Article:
ASA congratulates Alexis Taylor on her recent appointment to serve as Deputy Under Secretary, Farm and Foreign Agricultural Services, at the U.S. Department of Agriculture.ASA growers and staff have worked with Taylor in her previous roles, and look forward to continuing the relationship in her new role.“ASA has enjoyed an excellent working relationship with you, first during your tenure with Congressman Boswell, then when you worked on the 2014 Farm Bill for Senator Baucus, and in your most recent position as Chief of Staff for Under Secretary Scuse,” ASA President Ray Gaesser said in a letter to Taylor. “Your work to promote international trade and to implement programs under the new farm bill has reflected a strong dedication to the interests of soybean farmers, as well as producers of all U.S. agricultural products.”
Drivers on the Northeast 112th Avenue corridor near 18th Street can expect another change in traffic patterns and possible construction delays starting Wednesday. Weather permitting, traffic along 112th Avenue will be reduced to one lane in each direction, the city said. Drivers should be prepared for delays and are encouraged to use alternate routes. The shift is part of the first segment of the city of Vancouver’s 18th Street Northeast Improvement Project, which began in the fall. For additional information, visit http://www.cityofvancouver.us/18thStreet.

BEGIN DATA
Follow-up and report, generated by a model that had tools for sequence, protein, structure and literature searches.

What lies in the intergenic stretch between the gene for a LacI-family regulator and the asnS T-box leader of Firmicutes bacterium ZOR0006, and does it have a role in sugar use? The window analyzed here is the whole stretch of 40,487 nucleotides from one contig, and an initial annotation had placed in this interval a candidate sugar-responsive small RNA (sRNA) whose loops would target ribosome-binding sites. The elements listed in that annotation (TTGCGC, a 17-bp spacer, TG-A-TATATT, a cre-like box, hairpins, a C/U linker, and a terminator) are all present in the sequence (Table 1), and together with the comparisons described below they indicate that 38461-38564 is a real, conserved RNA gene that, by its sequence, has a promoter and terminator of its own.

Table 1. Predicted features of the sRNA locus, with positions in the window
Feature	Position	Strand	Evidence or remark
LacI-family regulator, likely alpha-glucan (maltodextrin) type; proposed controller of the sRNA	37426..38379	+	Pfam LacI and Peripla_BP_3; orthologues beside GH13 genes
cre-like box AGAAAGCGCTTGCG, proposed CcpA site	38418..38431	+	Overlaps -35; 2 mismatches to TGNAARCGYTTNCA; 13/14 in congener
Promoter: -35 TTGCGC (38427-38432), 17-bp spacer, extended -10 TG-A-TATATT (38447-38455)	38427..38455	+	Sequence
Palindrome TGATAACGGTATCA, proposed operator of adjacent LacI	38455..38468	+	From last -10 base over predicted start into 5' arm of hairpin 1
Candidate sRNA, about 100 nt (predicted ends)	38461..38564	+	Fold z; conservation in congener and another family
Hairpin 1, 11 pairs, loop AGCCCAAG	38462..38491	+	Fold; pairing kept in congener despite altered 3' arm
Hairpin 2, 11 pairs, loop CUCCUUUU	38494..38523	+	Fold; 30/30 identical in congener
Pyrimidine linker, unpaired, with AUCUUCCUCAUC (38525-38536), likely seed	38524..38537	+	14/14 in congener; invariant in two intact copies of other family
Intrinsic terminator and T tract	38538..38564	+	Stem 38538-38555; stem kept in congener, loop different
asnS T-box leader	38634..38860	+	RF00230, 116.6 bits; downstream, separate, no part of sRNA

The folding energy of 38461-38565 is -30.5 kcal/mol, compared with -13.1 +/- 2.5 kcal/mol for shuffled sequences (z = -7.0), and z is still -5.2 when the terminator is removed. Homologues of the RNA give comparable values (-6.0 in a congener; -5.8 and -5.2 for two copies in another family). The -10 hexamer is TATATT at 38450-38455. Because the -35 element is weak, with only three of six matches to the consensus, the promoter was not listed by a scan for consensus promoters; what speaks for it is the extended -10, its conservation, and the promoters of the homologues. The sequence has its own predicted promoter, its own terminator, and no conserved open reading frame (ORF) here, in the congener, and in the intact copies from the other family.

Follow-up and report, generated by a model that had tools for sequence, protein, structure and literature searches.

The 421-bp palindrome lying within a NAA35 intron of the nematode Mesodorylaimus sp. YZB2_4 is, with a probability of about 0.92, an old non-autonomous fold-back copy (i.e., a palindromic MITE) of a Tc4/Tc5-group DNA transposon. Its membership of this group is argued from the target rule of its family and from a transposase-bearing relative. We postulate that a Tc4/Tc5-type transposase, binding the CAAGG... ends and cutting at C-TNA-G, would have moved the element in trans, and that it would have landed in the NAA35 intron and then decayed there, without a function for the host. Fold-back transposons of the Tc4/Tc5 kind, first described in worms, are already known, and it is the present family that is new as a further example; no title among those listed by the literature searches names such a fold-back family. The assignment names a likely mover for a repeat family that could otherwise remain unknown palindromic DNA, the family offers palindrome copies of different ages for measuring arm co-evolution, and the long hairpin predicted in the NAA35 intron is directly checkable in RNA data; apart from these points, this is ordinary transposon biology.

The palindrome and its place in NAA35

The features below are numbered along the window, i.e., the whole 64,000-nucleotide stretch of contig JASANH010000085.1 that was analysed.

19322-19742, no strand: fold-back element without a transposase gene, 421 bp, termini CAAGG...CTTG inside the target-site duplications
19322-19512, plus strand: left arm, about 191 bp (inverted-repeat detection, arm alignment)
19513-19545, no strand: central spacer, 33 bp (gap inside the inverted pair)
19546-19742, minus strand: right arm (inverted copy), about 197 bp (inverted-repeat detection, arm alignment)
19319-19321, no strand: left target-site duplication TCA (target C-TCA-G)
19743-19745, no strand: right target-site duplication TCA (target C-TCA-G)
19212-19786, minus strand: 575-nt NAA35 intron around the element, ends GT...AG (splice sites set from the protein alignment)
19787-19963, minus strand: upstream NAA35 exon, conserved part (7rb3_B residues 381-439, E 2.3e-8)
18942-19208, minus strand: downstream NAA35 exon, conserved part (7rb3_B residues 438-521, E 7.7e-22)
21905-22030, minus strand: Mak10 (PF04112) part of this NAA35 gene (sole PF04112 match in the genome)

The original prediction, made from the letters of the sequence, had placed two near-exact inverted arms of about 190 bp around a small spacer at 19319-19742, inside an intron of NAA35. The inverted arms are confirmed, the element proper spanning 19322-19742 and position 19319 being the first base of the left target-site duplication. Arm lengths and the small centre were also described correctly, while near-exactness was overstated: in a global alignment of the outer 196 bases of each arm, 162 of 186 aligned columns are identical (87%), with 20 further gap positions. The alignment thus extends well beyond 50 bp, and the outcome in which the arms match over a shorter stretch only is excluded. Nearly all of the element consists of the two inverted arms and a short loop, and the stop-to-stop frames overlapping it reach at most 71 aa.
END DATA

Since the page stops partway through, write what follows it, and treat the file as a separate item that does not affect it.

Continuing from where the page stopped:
WILMINGTON, MA — Below is a press release from the office of State Representative Dave Robertson:In the first committee hearing of the year, the Joint Committee on Environment, Natural Resources and Agriculture committee got off to a fast start for matters relative to the greater Merrimack Valley’s environmental health, in particular Tewksbury and Wilmington. Two such bills relative to the variable pollution levels of the Merrimack River, an ongoing issue for the town of Tewksbury, were at the forefront of the hearing. Each bill addresses an aspect of public health in a complimenting fashion.The first, filed by Sen. DiZoglio, (S. 457) would create a commission to review the health of the Merrimack River and recommend ways to address problems, including the discharge of sewage during loss of power at septic treatment plants or more powerful rain storms. The commission would include state and local officials, as well as such river advocates as the Merrimack River Watershed Council, and charge the advocates for examining pollution, runoff containment, and more. The commission would be required to produce a report within one year of its establishment.“If all goes well with this bill, I would love to see the commission not only look to address Massachusetts communities with recommendations and plans to improve the health of the Merrimack River but we would also look to communicate with our neighbors further up-stream, in New Hampshire who also have a large impact on the River’s health,” said Representative Robertson. “The Merrimack River is taking a beating with sewage discharge and other pollution, which means that towns like Tewksbury spend even more money clearing and cleaning the water to be safe to drink. A study would identify the priorities and offer solutions.”The second bill, (S. 458) also filed by Sen. DiZoglio, and co-sponsored by Rep. Robertson calls for the creation of a color-coded flagging system along the Merrimack River. The state will create the flag system based on the level of combined sewer overflow (CSO) pollution in the river. The flag that reflects the current warning level will be flown at well-used public access points, such as boat ramps. The state will also create a mobile notification system to which people can subscribe to find out what flag is being flown.“It’s important to keep in mind that this flagging system would only be an improvement to the current situation and not a solution to the overall problem of the Merrimack River being overburdened by its watershed community,” added Representative Robertson. “This is an issue of significant concern for those of us who boat, paddle, fish and swim in the Merrimack, and for the more than 600,000 people who get their drinking water from the river.”In addition to the aforementioned hearing, just this past Tuesday the U.S. Environmental Protection Agency announced that the Olin superfund site was placed on the Agency’s Administrator’s Emphasis List of fifteen sites to be targeted for “immediate, intense action,” according to the EPA’s definitions of this list.Upon hearing this news, Representative Robertson warned: “While this is big news for the Olin Chemical Superfund site, I encourage the community to be cautiously optimistic. It is of course good for the site to be getting attention and prioritized for cleanup by the EPA, but the fact of the matter is that there is no absolute commitment of additional funding or action associated with a site’s inclusion on this list. And, don’t get me wrong, I so look forward to this decades-long issue being addressed, but I want it to be done completely and safely and will continue to be vigilant so until we all see the meaningful action that our community deserves.”Anyone interested in these or other matters are encouraged to contact the office of Representative David Robertson at David.Robertson@MAHouse.gov or at 617-722-2210×4.Like Wilmington Apple on Facebook. Follow Wilmington Apple on Twitter. Follow Wilmington Apple on Instagram. Subscribe to Wilmington Apple’s daily email newsletter HERE. Got a comment, question, photo, press release, or news tip? Email email@example.com.Share this:TwitterFacebookLike this:Like Loading… RelatedVIDEO: State Rep. Dave Robertson Talks With WCTV About His First 7 Months In OfficeIn “Videos”STATE REP RACE: Tewksbury Republican Committee Attack Robertson Over Wilmington Democratic Committee Chair’s StatementIn “Government”ALL POLITICS ARE LOCAL: Robertson & Gordon Endorse Ed Markey With Possible Kennedy Showdown LoomingIn “Government”